But the woman who claims she was his victim says she would have preferred that he be held in Florida and prosecuted.
“I was in shock. He’s still free,” the woman told the Miami Herald. “He didn’t get in trouble for anything. It didn’t make me feel better. It made me feel worse.”
“He didn’t get in trouble for anything. It didn’t make me feel better. It made me feel worse.”
The woman asked that her name not be published because she was involved in a sex-crime case.
Michael Meade, a field operations director for enforcement and removal operations for U.S. Immigration and Customs Enforcement, said it was against ICE policy to discuss details of the specific case. But he said ICE tries to work with prosecutors to find the best solution for when to deport a detainee versus when to hold that person for trial.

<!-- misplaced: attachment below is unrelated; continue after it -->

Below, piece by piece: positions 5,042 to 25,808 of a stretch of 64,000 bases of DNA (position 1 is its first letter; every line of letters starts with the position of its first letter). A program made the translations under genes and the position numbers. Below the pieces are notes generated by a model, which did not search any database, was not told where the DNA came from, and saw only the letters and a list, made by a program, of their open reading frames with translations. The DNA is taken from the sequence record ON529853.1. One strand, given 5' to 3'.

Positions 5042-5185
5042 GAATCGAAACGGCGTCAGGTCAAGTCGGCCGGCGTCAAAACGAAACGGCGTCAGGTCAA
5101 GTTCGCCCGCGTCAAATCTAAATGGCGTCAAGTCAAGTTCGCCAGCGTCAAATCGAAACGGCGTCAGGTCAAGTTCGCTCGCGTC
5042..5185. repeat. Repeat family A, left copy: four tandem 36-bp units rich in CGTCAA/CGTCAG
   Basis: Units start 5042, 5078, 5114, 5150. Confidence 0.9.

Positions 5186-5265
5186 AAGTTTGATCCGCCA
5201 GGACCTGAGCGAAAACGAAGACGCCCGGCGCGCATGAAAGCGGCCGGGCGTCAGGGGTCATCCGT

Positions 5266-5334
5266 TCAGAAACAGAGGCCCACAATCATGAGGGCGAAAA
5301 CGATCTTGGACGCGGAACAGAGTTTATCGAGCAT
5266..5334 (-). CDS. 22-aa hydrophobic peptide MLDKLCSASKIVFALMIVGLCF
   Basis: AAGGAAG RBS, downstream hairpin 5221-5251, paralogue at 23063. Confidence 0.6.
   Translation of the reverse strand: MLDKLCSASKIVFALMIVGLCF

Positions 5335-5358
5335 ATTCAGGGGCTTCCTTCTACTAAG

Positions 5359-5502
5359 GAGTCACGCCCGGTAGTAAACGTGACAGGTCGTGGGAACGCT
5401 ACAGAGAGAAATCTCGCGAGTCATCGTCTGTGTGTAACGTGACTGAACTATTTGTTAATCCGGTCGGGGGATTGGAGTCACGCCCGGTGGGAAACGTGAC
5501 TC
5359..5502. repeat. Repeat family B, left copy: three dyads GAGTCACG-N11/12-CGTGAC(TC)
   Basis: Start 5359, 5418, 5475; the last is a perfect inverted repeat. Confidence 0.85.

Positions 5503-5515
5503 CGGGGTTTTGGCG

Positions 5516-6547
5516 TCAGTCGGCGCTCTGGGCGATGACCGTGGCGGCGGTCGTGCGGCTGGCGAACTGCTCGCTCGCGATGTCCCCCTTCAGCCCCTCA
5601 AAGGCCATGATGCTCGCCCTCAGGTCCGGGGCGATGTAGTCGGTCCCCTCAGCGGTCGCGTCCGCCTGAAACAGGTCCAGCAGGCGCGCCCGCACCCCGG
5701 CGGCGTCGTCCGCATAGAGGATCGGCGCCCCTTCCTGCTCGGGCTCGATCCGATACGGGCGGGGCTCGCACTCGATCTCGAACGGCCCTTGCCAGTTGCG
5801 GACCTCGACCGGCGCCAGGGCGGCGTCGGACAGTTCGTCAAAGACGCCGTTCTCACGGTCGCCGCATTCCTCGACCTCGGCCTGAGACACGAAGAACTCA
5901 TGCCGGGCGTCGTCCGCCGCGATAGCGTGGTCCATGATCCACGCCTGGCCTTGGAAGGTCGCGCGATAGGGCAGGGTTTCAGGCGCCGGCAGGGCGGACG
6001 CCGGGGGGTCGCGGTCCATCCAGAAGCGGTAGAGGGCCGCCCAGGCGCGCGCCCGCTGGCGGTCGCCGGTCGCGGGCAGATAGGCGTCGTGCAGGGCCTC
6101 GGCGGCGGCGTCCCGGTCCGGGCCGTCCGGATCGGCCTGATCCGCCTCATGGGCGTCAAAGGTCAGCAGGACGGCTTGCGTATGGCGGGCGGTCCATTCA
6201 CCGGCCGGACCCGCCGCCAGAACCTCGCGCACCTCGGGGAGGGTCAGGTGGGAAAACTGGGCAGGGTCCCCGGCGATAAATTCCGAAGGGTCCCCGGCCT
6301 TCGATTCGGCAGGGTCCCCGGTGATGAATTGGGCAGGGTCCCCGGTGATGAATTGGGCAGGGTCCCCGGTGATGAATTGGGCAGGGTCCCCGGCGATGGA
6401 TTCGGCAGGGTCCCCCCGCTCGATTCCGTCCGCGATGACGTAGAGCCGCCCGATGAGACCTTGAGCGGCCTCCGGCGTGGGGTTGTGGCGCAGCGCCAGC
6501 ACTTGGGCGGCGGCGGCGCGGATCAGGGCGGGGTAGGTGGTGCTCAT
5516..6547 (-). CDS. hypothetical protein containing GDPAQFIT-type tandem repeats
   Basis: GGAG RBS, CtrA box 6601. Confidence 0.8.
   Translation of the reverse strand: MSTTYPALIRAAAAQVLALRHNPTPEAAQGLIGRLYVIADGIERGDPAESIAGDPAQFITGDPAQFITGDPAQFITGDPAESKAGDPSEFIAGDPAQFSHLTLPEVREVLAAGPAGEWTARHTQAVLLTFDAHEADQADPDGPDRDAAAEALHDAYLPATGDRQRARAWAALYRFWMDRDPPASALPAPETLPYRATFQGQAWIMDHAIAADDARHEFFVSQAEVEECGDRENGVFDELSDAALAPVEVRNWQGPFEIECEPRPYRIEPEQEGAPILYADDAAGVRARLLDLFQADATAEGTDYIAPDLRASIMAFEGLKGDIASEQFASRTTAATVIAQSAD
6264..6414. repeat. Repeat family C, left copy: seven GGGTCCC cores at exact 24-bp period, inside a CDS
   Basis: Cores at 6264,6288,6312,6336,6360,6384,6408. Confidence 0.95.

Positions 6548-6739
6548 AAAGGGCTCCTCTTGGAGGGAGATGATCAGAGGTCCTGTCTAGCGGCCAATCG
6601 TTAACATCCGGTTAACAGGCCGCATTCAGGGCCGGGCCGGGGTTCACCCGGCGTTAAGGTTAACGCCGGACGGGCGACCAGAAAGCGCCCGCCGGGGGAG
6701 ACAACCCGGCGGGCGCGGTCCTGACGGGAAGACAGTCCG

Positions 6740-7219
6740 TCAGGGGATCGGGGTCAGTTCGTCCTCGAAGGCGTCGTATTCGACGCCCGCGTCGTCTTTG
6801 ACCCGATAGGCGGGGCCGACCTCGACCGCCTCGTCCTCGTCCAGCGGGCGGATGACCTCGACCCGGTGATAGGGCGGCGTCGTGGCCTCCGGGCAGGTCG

“It’s a risk assessment we do on every case, especially on a case in which someone has been arrested on a serious, violent crime,” Meade told the Herald. “It’s a balancing act. We are very cognizant of victims’ rights.”
“It’s a balancing act. We are very cognizant of victims’ rights.”
ICE says more than 1,300 people were deported last year from Florida, Puerto Rico and the U.S. Virgin Islands even though they had “pending criminal cases,” according to the Herald.
One advantage of deportation, however, is the savings for taxpayers, said Mark Krikorian, executive director of the Center for Immigration Studies.